Initially, when I was going wholeheartedly down the “food memory” route for these posts, one particular seasoning screamed out for attention.
There are distinct food phases in my life, but a couple that particularly stand out are huge roast veggie dinners – literally just a feast of oven-roast veggies: potatoes, sweet potatoes, peppers, aubergine, zucchini – and my mum’s stir-fries before I went vegan.
I don’t know what it was about those stir-fries. The perfect veg-to-noodle-to-tofu ratio? The way the straight-to-wok noodles occasionally clumped into crispy guilty pleasures? A more generous dose of oil and soy sauce than I would be comfortable using? Or the combination of spices?
There is certainly one spice that immediately takes me right back to those stir-fries, and it popped into my head without hesitation for this post: Chinese Five-Spice.
I’d love to segue neatly on to a mouthwatering, expertly photographed, thoroughly tested revamped colourful stir-fry recipe complete with surprise crispy noodle bits… But aside from the fact that I just can’t seem to make myself cook or eat something I’m not in the mood for (and I don’t make stir-fries tasty enough to ever be in the mood for them), I have never managed to cook well with Chinese five spice.
In fact, when in my uni days I finally figured out/was told that that was the distinctive flavour in Mum’s stir-fries, I stuck it on my shopping list and excitedly whipped myself up a stir-fry full of all the fun stir-fry ingredients I could think of… I ended up with a bowl full of claggy noodles, clumpy powdery vegetables, and disappointment. I’m pretty sure that bottle of five spice lived out the rest of its days at the back of my cupboard, doing its best to pretend it had never existed.
And I haven’t bought any since, and I don’t really intend to.
So, instead of a recipe, let’s learn a little about Chinese five spice. I’m sure you’re all bored to death of tempting recipes and twinkling food photos, yes?
In case you aren’t familiar with it, the defining ingredients are star anise and Szechuan peppercorns (which, apparently, have nothing to do with pepper), which are joined by fennel, cassia or cinnamon, and cloves. In some recipes, you’ll find ginger rather than fennel.
As you can imagine, this combination of spices is highly fragrant, distinctively sweet with licorice notes (from the star anise and fennel) but undoubtedly savoury, with a hint of bitterness from the “peppercorns” and cinnamon. Go a little too heavy-handed with it and you’ll end up with a medicinal, powdery-tasting dish – but getting the quantity right can elevate your dish to levels of deliciousness far beyond the sum of its ingredients. I don’t know how it works, but it does.
Unsurprisingly, due to its flavour profile, Chinese five spice is generally paired with robust, meaty dishes – and can also be found in Vietnamese and other Asian recipes. While I have certainly enjoyed it in vegetarian and vegan stir-fries, I can only imagine it would go better in the heartier versions of these; I’m thinking thick noodles and a good coating of sesame oil, meaty shiitakes and marinated seitan.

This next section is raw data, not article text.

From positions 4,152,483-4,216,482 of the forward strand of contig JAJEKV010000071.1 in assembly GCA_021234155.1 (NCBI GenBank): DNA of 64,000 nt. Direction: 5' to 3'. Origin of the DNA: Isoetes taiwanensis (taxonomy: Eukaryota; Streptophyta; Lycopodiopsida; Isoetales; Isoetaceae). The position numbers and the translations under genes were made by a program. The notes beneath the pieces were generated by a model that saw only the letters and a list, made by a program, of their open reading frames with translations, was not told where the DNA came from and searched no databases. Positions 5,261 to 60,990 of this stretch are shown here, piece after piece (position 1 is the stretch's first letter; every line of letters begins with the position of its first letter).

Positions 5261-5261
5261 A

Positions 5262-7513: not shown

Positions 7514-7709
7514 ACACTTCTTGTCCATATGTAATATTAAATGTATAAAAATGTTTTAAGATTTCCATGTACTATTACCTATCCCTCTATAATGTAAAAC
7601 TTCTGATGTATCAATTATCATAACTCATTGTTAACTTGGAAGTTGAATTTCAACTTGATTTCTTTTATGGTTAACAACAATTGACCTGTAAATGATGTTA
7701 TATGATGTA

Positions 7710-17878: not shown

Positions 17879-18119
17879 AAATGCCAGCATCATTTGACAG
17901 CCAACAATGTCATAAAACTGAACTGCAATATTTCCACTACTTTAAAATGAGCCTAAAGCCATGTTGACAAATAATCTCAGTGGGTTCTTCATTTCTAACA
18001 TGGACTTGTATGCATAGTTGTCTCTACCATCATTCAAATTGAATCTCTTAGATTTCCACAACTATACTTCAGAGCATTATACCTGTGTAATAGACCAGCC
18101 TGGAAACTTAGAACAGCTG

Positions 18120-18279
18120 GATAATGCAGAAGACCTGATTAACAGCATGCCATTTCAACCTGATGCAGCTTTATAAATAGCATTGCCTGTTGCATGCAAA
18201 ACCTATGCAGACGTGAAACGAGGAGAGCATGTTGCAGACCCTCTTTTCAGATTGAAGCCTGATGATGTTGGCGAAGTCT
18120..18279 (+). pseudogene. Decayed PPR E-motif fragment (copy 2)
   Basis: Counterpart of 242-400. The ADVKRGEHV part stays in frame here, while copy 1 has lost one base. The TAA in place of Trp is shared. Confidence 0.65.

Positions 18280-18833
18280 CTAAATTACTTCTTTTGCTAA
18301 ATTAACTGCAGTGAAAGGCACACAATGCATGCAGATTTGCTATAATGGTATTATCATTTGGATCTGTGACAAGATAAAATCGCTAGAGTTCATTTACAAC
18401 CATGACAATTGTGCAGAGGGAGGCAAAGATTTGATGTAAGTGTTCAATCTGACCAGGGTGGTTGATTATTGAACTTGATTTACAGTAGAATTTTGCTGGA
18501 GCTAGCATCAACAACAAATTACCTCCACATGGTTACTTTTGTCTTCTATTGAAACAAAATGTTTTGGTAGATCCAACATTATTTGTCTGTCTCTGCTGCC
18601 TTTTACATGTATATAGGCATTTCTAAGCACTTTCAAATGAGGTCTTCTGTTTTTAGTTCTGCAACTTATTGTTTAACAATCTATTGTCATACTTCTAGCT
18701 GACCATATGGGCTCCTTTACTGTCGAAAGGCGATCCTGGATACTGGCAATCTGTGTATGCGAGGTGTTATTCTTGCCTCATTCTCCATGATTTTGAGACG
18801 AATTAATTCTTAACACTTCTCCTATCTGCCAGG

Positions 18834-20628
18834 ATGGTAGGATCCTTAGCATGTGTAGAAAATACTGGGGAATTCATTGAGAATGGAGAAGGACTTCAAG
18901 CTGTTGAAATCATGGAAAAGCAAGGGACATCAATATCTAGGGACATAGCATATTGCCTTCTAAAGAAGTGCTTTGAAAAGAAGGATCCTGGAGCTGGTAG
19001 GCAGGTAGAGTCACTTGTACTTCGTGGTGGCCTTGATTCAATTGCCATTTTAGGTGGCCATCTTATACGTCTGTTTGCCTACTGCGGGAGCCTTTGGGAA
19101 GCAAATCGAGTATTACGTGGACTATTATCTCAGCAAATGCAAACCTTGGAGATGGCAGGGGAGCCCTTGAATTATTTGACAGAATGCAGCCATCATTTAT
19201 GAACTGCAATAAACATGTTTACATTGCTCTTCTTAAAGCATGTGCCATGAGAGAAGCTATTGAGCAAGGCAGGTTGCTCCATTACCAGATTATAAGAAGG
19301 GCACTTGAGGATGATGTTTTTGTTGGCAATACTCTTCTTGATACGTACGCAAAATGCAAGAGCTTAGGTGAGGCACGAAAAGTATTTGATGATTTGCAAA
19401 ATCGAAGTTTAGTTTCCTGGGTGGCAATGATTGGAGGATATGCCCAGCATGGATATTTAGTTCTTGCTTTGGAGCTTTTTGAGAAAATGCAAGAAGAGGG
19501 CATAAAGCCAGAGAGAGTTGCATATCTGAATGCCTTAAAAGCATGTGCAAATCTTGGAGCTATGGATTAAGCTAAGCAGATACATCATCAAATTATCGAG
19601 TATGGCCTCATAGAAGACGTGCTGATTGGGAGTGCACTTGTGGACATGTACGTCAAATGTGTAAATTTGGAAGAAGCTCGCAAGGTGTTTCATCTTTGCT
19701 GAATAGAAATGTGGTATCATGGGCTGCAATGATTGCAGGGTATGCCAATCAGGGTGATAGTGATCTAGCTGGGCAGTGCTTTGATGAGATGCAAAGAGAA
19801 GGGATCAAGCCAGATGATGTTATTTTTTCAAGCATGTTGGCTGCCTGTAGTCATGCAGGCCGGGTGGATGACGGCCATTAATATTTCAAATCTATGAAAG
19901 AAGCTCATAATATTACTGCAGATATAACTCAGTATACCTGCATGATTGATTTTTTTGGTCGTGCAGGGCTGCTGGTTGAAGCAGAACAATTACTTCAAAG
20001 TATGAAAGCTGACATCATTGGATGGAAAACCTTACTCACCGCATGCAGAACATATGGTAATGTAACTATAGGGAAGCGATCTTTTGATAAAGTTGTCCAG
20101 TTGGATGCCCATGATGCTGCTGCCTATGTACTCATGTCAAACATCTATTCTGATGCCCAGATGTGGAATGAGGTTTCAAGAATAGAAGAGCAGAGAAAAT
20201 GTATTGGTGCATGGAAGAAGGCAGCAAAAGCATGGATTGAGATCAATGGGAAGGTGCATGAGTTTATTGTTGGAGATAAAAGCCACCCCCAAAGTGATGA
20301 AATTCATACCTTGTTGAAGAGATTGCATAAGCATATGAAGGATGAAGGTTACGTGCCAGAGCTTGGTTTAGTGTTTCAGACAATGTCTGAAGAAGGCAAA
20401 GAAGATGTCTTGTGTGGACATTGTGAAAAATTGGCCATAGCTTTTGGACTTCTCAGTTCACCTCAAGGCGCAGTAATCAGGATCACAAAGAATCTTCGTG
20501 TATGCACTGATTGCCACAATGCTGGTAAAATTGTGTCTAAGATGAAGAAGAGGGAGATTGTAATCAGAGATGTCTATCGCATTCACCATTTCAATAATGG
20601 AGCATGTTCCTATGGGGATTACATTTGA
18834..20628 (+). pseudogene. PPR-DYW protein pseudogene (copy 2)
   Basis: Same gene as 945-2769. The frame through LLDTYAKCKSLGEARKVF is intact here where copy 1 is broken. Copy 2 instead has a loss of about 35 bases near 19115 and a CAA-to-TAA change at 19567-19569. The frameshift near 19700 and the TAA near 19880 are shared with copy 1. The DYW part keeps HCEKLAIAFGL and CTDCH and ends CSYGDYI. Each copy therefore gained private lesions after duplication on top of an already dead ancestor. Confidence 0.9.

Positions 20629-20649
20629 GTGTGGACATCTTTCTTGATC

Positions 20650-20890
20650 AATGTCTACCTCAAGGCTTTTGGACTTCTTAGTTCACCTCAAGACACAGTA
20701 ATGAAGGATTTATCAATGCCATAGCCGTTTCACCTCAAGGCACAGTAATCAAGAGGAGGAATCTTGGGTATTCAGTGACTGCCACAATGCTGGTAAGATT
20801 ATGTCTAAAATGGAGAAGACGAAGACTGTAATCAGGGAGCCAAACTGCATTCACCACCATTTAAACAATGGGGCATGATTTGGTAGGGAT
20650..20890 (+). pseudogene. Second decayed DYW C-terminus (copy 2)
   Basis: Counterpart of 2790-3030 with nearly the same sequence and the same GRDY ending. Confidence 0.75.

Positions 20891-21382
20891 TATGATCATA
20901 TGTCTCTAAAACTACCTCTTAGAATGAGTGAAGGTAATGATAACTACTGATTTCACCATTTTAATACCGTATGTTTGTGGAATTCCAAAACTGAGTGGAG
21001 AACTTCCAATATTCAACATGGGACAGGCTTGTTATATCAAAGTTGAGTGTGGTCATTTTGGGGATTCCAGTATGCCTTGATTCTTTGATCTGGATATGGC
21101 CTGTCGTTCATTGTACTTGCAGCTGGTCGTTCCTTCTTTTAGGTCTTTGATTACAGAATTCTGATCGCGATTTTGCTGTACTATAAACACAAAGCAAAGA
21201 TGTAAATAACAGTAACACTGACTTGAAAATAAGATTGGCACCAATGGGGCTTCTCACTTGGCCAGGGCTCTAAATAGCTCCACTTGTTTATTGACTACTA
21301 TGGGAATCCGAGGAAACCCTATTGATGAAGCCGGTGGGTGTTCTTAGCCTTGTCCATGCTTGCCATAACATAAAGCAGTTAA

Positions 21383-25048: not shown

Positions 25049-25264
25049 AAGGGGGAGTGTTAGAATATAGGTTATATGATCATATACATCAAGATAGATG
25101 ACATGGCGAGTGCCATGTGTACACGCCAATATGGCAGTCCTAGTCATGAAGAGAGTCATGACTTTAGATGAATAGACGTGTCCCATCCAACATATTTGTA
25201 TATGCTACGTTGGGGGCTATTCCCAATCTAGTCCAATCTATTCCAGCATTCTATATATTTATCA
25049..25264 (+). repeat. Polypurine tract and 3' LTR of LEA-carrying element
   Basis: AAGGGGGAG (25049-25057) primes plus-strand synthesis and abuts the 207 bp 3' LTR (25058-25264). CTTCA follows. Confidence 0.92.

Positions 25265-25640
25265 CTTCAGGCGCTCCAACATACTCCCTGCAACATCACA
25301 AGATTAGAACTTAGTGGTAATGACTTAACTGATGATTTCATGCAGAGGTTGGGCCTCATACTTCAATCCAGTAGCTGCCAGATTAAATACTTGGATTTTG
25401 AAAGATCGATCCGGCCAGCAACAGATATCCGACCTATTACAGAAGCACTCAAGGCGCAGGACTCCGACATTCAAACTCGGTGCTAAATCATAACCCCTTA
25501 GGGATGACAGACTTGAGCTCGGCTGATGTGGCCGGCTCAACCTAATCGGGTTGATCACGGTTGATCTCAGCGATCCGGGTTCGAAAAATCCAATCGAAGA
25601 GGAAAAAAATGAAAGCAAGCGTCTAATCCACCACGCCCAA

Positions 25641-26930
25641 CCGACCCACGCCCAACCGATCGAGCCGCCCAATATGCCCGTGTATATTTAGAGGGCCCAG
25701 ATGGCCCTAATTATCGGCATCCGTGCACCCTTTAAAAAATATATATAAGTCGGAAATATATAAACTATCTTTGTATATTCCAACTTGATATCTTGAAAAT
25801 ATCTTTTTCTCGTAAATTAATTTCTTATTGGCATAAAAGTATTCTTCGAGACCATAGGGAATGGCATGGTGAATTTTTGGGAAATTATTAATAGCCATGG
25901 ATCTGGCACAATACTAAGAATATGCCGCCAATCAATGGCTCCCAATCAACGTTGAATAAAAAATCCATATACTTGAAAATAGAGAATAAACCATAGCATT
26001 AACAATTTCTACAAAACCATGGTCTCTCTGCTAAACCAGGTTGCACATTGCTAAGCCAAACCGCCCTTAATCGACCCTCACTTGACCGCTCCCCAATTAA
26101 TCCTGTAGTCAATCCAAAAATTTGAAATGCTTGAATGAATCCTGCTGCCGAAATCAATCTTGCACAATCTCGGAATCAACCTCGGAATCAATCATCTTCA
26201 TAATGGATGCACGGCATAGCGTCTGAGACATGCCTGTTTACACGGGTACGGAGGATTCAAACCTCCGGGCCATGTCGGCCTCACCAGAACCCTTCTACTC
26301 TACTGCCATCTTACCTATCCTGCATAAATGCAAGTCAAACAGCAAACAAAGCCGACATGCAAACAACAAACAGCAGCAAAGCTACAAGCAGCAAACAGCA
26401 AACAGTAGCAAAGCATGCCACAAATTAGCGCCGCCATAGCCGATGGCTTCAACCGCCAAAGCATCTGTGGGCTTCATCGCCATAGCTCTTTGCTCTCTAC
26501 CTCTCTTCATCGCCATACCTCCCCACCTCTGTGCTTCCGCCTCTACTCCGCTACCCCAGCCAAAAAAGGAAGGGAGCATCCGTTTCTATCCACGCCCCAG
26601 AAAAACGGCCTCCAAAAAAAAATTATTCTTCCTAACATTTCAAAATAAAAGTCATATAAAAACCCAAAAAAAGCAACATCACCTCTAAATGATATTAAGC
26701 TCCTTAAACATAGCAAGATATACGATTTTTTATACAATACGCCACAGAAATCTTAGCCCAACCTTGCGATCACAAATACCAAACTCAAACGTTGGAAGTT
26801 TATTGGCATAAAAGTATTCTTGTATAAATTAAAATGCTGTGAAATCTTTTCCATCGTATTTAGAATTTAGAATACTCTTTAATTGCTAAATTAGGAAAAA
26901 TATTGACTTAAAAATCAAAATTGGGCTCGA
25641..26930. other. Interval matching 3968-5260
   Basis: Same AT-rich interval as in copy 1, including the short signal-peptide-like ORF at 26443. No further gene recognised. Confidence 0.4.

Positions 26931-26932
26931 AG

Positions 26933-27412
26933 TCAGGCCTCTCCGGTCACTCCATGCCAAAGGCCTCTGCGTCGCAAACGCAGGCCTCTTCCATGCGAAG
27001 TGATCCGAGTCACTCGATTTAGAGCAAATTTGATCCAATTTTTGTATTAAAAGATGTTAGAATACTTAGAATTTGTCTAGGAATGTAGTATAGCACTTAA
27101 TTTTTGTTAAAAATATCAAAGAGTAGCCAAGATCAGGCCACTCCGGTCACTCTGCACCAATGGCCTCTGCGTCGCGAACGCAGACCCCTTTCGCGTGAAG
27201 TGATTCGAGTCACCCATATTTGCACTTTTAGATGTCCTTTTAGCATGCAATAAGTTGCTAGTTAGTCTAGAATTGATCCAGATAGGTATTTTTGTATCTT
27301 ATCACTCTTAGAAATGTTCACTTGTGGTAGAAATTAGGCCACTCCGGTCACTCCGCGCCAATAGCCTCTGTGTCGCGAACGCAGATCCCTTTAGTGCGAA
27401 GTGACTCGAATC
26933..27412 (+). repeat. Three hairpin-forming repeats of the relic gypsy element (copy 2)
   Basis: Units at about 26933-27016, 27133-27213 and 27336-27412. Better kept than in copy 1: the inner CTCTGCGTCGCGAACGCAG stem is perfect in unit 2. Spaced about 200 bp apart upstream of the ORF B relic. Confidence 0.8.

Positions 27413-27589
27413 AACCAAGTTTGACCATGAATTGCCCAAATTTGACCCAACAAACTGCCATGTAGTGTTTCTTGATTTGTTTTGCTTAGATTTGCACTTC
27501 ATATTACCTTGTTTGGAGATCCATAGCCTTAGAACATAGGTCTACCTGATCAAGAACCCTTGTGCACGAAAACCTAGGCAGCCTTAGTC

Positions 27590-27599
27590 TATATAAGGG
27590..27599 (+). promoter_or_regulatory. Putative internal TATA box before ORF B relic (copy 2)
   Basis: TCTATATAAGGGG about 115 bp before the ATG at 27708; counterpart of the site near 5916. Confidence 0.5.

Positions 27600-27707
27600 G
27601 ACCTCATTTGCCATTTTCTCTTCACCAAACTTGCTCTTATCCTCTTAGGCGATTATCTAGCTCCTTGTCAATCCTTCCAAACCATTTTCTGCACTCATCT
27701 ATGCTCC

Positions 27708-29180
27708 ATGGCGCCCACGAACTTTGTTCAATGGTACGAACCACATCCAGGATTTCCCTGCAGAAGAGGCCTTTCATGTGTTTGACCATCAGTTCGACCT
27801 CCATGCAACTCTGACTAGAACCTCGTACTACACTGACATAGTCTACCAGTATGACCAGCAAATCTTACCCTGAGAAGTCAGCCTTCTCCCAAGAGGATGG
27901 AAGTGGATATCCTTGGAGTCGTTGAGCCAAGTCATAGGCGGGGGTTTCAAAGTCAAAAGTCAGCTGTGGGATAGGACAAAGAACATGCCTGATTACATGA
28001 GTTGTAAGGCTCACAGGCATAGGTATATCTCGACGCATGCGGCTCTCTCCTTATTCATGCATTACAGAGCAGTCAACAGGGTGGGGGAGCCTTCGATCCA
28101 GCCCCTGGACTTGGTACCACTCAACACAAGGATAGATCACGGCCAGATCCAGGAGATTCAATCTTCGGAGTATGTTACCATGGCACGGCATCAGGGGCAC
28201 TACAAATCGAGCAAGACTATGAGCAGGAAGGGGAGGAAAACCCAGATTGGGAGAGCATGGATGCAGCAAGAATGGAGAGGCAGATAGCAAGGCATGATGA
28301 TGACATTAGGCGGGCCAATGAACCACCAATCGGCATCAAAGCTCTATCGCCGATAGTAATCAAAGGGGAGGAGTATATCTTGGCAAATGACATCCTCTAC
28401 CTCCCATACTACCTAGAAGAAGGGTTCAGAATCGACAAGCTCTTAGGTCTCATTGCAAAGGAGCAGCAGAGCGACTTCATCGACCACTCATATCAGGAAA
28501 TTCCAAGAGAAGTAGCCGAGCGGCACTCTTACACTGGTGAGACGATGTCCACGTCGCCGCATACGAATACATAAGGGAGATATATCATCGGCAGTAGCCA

A few extra words on star anise, just because:
Star anise rose to fame in 2003 in the midst of the bird flu (H5N1) epidemic. You may be familiar with the name Tamiflu, which is the drug used to treat the flu – well, it is produced from a base of shikimic acid, which just so happens to also be found in star anise.
Star anise has been used medicinally “for as long as anyone can remember“, to treat a number of ailments from colic and digestive issues to respiratory conditions and all sorts of influenzas, not forgetting female hormonal cycles and male libido concerns (which seem to have so many dozens upon dozens of possible remedies – literally every time I research a herb or spice or superfood it turns out to have been used as a hormonal or fertility or libido remedy – that one could wonder why it remained a problem?).
So, somewhere in the overlap between ancient remedy and big pharma, many started drinking star anise tea to ward off the flu (though the French probably just smirked and went back to drinking their pastis). Unfortunately, some of these people learned the hard way that Japanese star anise is toxic, and there have been reported cases of poisonings.
Umm… so back to vegan food. As dear as it is to my heart, I’m not sure I can get away with calling Chinese five spice my favourite spice, considering I can’t remember the last time I (successfully) cooked with it. So if you’ll allow me a few more moments of your time, my actual three favourite seasonings (why three? because I couldn’t pick one):
3. Fresh basil! So fresh, sweet and succulent, it smells of summer and is perfect in a hummus-filled ciabatta alongside juicy sun dried tomatoes, olives and marinated peppers. It’s all you need on a puffy, tomato-rich pizza. Sorry, basil plants, for letting you all die all the time. I really am.
2. Smoked paprika! Give tofu the wow factor it craves. Turn sautéed white cup mushrooms into something with a bit more conviction. Make your cauliflower blush. Bring summer garden BBQ nights into your wintery apartment kitchen. Whisk it into tahini-based salad dressings. In other words, sprinkle it everywhere.
And in first place…
To be entirely truthful, I only thought of that after I had decided on the above two as the winners. I totally forgot about cinnamon, purely because I use it every day – how unfair is that? It goes wherever banana goes. It pretties up any breakfast bowl. It works its way into smoothies. It sneaks into coconut-based curries. Imagine a cinnamon roll without cinnamon… Not so good, huh?
Cinnamon makes everything better! Go eat a cinnamon roll!